What Lessons Can We Take from FDR’s New Deal and the Mobilization for WWII to Apply to the Green New Deal?
April 23, 2019 by stephenshubert
The Chair of the local Democratic Party, David Turnoy, spoke at the Orcas Island Earth Day commemoration. He is what he had to say:
“As a longtime student of history, I find it useful to look to history for lessons that we can apply today. After all, what is the point of studying history unless you can use lessons from the past to build a better future? We have heard a lot of talk in recent months about a Green New Deal, but one of the biggest stumbling blocks brought up is the perceived cost. Has our country ever faced such an existential threat that required a complete remaking of our economy?
When Franklin Roosevelt became president in 1933, the country was into its 4th year of suffering with the Great Depression. One fourth to one third of American adults were out of work, a total of 13 million people. Gross domestic product (GDP), a good measure of the economy, had been shrinking for years. The previous president, Herbert Hoover, had a strong belief that by leaving business alone to do its thing, the country would naturally emerge from the Depression. Unfortunately, this was not the case, and to reward Hoover for his lack of action, homeless camps around the country were referred to as Hoovervilles.
FDR knew he needed to come in with an activist agenda, and his first 100 days were full of action. He began setting up all the alphabet soup agencies that the New Deal came to be known for. Immediately, elite critics derided his plans as “creeping fascism” or “closet communism”. A West Virginia senator called the New Deal despotism, tyranny, and the annihilation of liberty. Far-right militias formed; there was even a sloppy plot by a group of bankers to overthrow FDR. Meanwhile, self-styled centrists cautioned FDR to slow down and scale back. Does this remind you of what we hear today regarding a Green New Deal? We hear things in the mainstream media like, “You don’t want to make so many changes at once, this is too big and too quick, we should wait and study more.”
But FDR jumped right in, and in the first full year of the New Deal, 1934, GDP was up by 10.8%. The following two years saw growth of 9% and 13%. But in the 1936 election, a number of cautious conservatives were elected to Congress, and in order to try to accommodate them, FDR cut government spending. As a result, GDP shrank in 1937 to 5.1%, and in 1938 it went negative to –3.3%. Fiscal conservatives seem to always want to cut spending, claiming they are worried about the deficit, except when it suits their purposes to vastly overspend the amount of revenue coming in. The all-time hero of the Republicans who criticized “tax-and-spend liberals”, Ronald Reagan, was a big deficit spender himself, tripling the deficit back in the 1980s, and there was not a care among them in 2017 when Trump and the Republican Congress passed a massive tax cut bill that by far mostly benefitted the wealthy and large corporations, adding a significant amount to the deficit. In both of these cases, we were told that tax cuts for the wealthy would trickle down to us everyday folks, and in both cases, that failed to happen. Yet even now we are hearing from these same people that we must cut social spending to rein in the deficit. So don’t ever believe the arguments that we must cut spending due to the deficit; it is a totally disingenuous argument.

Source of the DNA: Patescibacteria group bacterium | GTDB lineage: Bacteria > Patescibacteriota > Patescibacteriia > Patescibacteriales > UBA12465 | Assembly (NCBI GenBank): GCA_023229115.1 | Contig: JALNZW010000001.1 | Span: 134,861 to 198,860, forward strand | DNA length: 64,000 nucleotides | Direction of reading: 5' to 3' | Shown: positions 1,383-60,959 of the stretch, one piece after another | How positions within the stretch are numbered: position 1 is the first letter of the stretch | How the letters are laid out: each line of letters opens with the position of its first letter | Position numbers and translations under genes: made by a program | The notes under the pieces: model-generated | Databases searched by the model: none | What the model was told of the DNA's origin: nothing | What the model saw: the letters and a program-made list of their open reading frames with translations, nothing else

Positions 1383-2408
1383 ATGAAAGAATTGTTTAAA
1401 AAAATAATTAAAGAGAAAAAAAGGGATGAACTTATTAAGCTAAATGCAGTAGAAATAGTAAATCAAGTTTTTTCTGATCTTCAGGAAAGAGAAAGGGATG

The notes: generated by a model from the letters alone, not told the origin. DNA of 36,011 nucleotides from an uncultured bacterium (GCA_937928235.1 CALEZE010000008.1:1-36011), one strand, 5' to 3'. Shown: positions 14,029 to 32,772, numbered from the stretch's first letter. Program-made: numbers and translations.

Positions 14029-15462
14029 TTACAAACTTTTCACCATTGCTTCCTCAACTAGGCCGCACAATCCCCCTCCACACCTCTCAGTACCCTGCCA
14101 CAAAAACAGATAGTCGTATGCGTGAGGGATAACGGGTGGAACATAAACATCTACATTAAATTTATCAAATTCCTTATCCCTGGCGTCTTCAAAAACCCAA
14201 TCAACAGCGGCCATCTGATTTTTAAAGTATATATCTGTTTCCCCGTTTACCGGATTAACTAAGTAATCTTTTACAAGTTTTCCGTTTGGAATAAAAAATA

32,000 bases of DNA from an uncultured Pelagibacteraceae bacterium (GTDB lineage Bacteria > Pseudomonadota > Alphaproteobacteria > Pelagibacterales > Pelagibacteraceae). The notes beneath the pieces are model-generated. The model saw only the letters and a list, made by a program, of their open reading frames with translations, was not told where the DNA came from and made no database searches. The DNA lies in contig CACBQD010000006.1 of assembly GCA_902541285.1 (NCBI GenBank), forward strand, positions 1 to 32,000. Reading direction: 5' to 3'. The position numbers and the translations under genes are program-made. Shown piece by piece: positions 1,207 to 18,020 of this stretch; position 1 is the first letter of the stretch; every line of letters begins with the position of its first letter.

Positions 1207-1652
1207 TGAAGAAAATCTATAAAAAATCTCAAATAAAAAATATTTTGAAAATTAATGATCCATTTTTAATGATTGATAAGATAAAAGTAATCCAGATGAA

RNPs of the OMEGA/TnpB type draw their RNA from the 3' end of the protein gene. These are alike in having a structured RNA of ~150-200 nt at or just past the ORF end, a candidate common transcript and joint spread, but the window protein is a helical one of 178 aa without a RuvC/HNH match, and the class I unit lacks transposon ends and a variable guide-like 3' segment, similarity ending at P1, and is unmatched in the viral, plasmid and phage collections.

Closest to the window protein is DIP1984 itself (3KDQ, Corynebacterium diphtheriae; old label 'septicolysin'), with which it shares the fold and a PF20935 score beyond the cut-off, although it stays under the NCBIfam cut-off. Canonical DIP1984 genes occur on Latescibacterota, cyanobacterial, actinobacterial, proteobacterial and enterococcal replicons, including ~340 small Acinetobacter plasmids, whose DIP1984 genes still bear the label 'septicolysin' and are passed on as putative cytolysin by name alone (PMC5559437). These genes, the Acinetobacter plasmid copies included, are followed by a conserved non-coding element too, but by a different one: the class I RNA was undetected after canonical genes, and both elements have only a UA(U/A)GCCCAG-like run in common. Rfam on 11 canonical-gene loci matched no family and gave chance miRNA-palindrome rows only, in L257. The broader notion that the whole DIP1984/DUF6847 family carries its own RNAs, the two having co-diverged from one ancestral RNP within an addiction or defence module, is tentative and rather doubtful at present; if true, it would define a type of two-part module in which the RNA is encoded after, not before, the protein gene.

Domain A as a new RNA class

After the backtracking of 1937 and 1938 in the economy, Roosevelt resumed massive deficit spending, which shot GDP up to 8%, and it continued to increase from there. Once the US got into WWII, in 1942 defense spending quadrupled the amount added to the debt by $23 billion, which then tripled to $64 billion in 1943, bringing growth up to 19%. If that much had been spent in the first year of the New Deal, it would have ended the Depression right there and then. Deficits during the New Deal were between $2-$4 billion, $20-$55 billion during the war. The US won the war, and we came out of the war with a stronger economy than ever.
Another facet of the economic program was an increase in income taxes. Before FDR, the highest marginal tax rate was 25%. Under FDR the highest rate went first to 63%, then 79%, then during the war to 81%, 88%, and finally to 94%. This tax policy gave Roosevelt more revenue to use for his programs and the war effort. And, in fact, the highest income tax rate stayed in the 80s and 90s until 1963, during which time we had some of the best economic years in this country’s history, which was also the time period when the middle class finally became widespread. Eventually income tax rates started going down, the highest rate staying in the 70s until 1981, and then down in the 30s for more than the last 30 years. Interestingly, there has been a large increase in the percentage of returns subject to this top rate. Could we tap into this larger demographic to have more revenue available for a Green New Deal? Could we tailor tax policy so that people at these high levels of income could write off some of their income by investing in programs that fight climate change? All it takes is the political will.